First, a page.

This recipe allows you to make plenty of Tebasaki chicken wings without any trouble. You should definitely try it on Thanksgiving Day.
First, make a space in the center of the sticky rice flour and add the sugar to the spot. Pour in about half of the water and dissolve the sugar.
Mix in the flour from the center to the outside while gradually pouring in the rest of the water. If the dough is too soft or too firm, it’ll be difficult to wrap the filling so add the water a little at a time. Mix until all the flour is moistened.
Rub your hands with a small amount of sesame oil and remove the dough. Roll it into a cylindrical shape. And cut the dough into 5 equal pieces. Shape each piece into a ball.
Press the center of each dough ball, making an indention. Enlarge the hole until the anko ball fits.
Add the anko, sweet bean paste and spread the dough around it.
Make sure that the dough has an even thickness and shape it into a ball. Repeat the process for the rest of the anko balls.
Slightly dampen each dango. And coat it with sesame seeds.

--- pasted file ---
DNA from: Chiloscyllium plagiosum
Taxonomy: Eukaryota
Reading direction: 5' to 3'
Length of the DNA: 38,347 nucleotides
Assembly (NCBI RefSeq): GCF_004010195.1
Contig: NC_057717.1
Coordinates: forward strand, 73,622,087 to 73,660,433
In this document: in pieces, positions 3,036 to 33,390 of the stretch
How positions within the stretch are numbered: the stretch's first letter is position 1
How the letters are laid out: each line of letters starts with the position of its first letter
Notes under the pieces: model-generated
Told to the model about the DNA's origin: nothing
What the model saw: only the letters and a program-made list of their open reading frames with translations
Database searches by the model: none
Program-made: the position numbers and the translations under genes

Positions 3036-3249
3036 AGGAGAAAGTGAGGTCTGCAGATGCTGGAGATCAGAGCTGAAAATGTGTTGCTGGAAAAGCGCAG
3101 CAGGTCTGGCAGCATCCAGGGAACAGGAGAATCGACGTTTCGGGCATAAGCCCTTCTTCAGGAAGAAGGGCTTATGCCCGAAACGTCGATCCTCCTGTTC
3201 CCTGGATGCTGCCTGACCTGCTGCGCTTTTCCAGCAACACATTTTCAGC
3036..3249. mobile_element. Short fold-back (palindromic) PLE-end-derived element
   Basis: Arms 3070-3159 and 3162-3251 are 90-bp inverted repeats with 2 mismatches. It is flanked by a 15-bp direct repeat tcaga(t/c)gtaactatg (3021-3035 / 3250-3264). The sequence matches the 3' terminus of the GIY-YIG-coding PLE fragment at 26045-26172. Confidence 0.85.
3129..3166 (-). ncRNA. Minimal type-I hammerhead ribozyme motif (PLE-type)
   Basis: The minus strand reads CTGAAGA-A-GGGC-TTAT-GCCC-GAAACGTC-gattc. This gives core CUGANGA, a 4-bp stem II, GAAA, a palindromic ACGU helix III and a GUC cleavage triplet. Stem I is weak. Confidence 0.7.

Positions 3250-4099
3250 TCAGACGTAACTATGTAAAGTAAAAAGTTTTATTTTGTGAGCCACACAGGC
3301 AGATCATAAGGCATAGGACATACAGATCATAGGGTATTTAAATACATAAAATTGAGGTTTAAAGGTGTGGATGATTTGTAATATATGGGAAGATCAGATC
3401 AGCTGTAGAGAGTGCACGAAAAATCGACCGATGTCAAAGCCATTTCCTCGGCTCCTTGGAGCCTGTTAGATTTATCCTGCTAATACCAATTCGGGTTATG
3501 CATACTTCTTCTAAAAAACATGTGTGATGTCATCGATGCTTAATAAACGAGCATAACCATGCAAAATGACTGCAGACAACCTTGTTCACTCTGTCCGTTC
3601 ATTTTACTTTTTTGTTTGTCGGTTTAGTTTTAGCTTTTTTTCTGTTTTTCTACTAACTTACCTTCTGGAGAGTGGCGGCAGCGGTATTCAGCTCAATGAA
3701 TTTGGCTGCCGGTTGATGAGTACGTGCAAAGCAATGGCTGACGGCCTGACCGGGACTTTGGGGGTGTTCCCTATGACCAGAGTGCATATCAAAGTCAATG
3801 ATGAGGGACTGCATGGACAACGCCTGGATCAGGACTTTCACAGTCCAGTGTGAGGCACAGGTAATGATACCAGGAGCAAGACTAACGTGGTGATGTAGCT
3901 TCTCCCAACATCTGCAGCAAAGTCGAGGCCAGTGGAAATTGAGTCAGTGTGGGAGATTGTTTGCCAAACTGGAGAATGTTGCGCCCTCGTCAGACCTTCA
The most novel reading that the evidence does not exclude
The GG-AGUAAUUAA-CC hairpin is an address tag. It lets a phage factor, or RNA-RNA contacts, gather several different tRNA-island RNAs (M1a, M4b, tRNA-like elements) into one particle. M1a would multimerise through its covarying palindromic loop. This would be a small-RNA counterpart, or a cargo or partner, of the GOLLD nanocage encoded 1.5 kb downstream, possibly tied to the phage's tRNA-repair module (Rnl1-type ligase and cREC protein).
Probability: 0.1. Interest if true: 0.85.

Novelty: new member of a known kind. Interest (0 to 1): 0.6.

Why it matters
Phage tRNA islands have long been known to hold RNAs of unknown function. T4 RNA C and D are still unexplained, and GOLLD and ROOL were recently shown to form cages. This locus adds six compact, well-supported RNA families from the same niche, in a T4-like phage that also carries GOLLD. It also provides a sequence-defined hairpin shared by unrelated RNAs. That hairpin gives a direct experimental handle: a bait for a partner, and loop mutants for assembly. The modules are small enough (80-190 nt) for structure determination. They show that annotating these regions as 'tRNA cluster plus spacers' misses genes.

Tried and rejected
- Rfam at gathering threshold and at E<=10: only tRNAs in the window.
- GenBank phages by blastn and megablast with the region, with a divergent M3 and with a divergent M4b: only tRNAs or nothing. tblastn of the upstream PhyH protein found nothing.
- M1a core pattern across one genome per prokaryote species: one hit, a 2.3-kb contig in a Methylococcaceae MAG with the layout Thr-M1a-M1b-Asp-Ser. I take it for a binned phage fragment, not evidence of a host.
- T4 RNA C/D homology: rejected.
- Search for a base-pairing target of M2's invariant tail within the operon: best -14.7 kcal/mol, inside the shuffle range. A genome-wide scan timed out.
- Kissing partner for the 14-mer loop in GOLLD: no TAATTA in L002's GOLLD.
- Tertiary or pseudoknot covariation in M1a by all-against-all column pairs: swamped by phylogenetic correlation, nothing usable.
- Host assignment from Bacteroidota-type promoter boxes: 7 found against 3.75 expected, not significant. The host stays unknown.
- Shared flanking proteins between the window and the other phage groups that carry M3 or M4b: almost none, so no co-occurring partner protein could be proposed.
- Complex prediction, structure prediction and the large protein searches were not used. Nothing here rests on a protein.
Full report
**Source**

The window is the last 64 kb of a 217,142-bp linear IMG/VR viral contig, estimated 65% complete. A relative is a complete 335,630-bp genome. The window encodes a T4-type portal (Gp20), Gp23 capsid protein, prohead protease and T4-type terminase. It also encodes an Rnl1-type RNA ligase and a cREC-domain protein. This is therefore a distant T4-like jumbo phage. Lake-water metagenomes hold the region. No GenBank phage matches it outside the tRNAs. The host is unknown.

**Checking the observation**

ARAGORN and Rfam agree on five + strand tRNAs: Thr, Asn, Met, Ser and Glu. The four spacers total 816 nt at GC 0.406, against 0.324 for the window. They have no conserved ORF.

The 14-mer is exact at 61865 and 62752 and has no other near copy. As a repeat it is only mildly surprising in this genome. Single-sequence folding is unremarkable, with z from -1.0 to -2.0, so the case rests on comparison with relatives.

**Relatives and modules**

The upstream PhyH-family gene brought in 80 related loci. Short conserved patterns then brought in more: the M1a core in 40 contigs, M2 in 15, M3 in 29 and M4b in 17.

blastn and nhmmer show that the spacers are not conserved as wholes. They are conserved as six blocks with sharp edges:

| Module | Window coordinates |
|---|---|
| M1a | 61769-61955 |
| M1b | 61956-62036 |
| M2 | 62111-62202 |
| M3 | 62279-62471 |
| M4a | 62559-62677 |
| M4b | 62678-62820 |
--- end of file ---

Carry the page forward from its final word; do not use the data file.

Gently press the dango and the sesame seeds together. If the dough is relatively soft, wetting might not be necessary. Repeat the process and you’ll have 5 goma dango.
Let’s deep-fry the dango. Heat the oil to 140~150 °C (284~302°F) and place the dango into a pot. With kitchen chopsticks, rotate the balls while cooking. This will help the dango to rise evenly, giving them a round shape and even color.
Treat the goma dango gently like your first date so the sesame coating does not fall off. Cook the dango for a total of 4 to 5 minutes and then turn the heat to hight.
A tip to making crispy goma dango is to deep-fry at relatively low temperature and then bring up the heat at the end. If the oil temperature is too high, the sesame seeds will burn before the dough cooks.
When the surface is deliciously browned, they are ready. Remove and drain the excess oil.
The anko mixed with walnuts or ground sesame seeds is also delicious so you should definitely try it out.
You can also use pumpkin or sweet potato paste instead of the bean paste.
The freshly-made gooey dango are delicious but the sweet bean paste inside is piping hot so be careful not to burn your tongue.
Let’s make the sushi vinegar. Combine the rice vinegar, salt and sugar. Stir to dissolve well.
Next, cut the shiso leaves in half lengthwise and remove the stalks. Stack the leaves and cut them into thin strips. Cut the beni shoga, thin strips of pickled ginger into fine pieces.